- Using 90% confidence level, t0.95;3 = 2.353

Regression Confidence Example, cont’d

- Thus, b0 interval is
- Not significant at 90%

- And b1 is
- Significant at 90% (and would survive even 99.9% test)

Confidence Intervalsfor Predictions

- Previous confidence intervals are for parameters
- How certain can we be that the parameters are correct?

- Purpose of regression is prediction
- How accurate are the predictions?
- Regression gives mean of predicted response, based on sample we took

Predicting m Samples

- Standard deviation for mean of future sample of m observations at xpis
- Note deviation drops as m
- Variance minimal at x =
- Use t-quantiles with n–2 DOF for interval

Example of Confidenceof Predictions

- Using previous equation, what is predicted time for a single run of 8 loops?
- Time = 0.28 + 0.30(8) = 2.68
- Standard deviation of errors se = 0.10
- 90% interval is then

Verifying Assumptions Visually

- Regressions are based on assumptions:
- Linear relationship between response y and predictor x
- Or nonlinear relationship used in fitting

- Predictor x nonstochastic and error-free
- Model errors statistically independent
- With distribution N(0,c) for constant c

- Linear relationship between response y and predictor x
- If assumptions violated, model misleading or invalid

Testing Linearity

- Scatter plot x vs. y to see basic curve type

Linear

Piecewise Linear

Outlier

Nonlinear (Power)

TestingIndependence of Errors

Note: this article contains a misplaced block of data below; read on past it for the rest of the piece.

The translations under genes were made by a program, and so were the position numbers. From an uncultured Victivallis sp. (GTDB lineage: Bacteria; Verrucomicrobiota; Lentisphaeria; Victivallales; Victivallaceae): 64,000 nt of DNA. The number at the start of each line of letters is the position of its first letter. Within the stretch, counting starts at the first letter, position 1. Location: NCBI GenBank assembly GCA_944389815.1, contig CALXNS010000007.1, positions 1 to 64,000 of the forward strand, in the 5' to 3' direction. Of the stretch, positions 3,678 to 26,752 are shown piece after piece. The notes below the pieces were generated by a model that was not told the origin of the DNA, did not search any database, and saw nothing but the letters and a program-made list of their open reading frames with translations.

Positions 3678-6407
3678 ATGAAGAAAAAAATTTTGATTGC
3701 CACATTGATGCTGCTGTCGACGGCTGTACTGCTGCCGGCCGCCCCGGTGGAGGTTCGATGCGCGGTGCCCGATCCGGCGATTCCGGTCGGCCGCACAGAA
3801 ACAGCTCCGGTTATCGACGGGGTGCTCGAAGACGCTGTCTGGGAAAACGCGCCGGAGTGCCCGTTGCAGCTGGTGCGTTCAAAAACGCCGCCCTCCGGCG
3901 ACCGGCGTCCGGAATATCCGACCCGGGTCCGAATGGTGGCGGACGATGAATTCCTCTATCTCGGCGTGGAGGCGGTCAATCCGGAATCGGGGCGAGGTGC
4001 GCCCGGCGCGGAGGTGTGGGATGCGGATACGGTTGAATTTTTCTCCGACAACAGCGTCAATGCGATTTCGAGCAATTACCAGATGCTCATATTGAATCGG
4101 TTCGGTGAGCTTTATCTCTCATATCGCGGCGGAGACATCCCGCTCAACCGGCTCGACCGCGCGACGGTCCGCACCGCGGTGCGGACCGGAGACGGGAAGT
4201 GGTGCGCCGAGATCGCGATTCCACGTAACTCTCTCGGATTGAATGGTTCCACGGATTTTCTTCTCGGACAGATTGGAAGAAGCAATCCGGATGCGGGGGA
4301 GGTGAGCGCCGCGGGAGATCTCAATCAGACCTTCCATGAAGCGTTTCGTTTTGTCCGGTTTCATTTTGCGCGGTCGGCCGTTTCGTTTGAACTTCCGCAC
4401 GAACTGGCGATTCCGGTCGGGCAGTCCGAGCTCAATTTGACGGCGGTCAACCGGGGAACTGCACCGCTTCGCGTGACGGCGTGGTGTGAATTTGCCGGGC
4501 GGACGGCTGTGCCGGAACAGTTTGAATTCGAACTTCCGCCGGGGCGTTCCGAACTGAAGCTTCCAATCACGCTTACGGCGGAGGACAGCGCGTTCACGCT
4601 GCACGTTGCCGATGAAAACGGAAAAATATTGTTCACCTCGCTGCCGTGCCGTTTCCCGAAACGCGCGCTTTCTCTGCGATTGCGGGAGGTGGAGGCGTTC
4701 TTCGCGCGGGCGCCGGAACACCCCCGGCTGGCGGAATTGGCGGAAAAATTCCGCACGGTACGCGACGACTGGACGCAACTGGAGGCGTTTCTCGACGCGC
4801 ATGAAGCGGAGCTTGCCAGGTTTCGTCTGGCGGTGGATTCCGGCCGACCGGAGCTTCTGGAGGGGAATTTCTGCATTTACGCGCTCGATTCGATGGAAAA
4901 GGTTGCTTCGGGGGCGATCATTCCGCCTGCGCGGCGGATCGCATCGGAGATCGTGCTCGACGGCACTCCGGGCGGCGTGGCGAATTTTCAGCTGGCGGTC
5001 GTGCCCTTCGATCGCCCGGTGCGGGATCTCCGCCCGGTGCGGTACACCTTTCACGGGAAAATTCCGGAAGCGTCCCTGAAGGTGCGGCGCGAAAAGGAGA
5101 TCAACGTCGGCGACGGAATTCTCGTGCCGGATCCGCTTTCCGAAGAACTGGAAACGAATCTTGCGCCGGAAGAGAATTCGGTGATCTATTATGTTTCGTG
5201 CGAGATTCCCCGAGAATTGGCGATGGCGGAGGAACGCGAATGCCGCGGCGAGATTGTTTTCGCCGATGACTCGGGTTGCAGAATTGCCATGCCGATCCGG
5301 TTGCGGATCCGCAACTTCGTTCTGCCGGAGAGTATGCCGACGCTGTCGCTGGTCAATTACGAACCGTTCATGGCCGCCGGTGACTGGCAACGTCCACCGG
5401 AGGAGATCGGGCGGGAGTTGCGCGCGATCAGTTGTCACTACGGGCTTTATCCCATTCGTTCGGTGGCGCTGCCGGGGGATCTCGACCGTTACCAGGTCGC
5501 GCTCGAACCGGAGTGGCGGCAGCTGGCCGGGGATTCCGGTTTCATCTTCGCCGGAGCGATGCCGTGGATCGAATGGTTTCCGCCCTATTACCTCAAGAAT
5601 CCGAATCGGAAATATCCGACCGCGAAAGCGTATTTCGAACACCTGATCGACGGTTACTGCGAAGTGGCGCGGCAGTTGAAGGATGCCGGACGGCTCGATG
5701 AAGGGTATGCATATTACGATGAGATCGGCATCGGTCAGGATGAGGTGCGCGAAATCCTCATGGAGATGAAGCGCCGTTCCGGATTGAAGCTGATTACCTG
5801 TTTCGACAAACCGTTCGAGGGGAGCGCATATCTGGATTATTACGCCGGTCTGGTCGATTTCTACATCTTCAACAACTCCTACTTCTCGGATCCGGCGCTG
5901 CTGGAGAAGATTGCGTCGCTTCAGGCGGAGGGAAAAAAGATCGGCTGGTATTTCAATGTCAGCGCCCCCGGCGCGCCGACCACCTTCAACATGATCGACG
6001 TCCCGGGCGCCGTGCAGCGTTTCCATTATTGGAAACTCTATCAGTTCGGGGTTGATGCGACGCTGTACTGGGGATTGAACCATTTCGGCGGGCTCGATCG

- Scatter-plot i versus
- Should be no visible trend
- Example from our curve fit:

More on Testing Independence

- May be useful to plot error residuals versus experiment number
- In previous example, this gives same plot except for x scaling

- No foolproof tests
- “Independence” test really disproves particular dependence
- Maybe next test will show different dependence

Testing for Normal Errors

- Prepare quantile-quantile plot of errors
- Example for our regression:

Testing for Constant Standard Deviation

- Tongue-twister: homoscedasticity
- Return to independence plot
- Look for trend in spread
- Example:

Linear RegressionCan Be Misleading

- Regression throws away some information about the data
- To allow more compact summarization

- Sometimes vital characteristics are thrown away
- Often, looking at data plots can tell you whether you will have a problem

Example ofMisleading Regression

I II III IV

x y x y x y x y

10 8.04 10 9.14 10 7.46 8 6.58

8 6.95 8 8.14 8 6.77 8 5.76

13 7.58 13 8.74 13 12.74 8 7.71

9 8.81 9 8.77 9 7.11 8 8.84

11 8.33 11 9.26 11 7.81 8 8.47

14 9.96 14 8.10 14 8.84 8 7.04

6 7.24 6 6.13 6 6.08 8 5.25

4 4.26 4 3.10 4 5.39 19 12.50

12 10.84 12 9.13 12 8.15 8 5.56

7 4.82 7 7.26 7 6.42 8 7.91

5 5.68 5 4.74 5 5.73 8 6.89

What Does Regression Tell Us About These Data Sets?

- Exactly the same thing for each!
- N = 11
- Mean of y = 7.5
- Y = 3 + .5 X
- Standard error of regression is 0.118
- All the sums of squares are the same
- Correlation coefficient = .82
- R2 = .67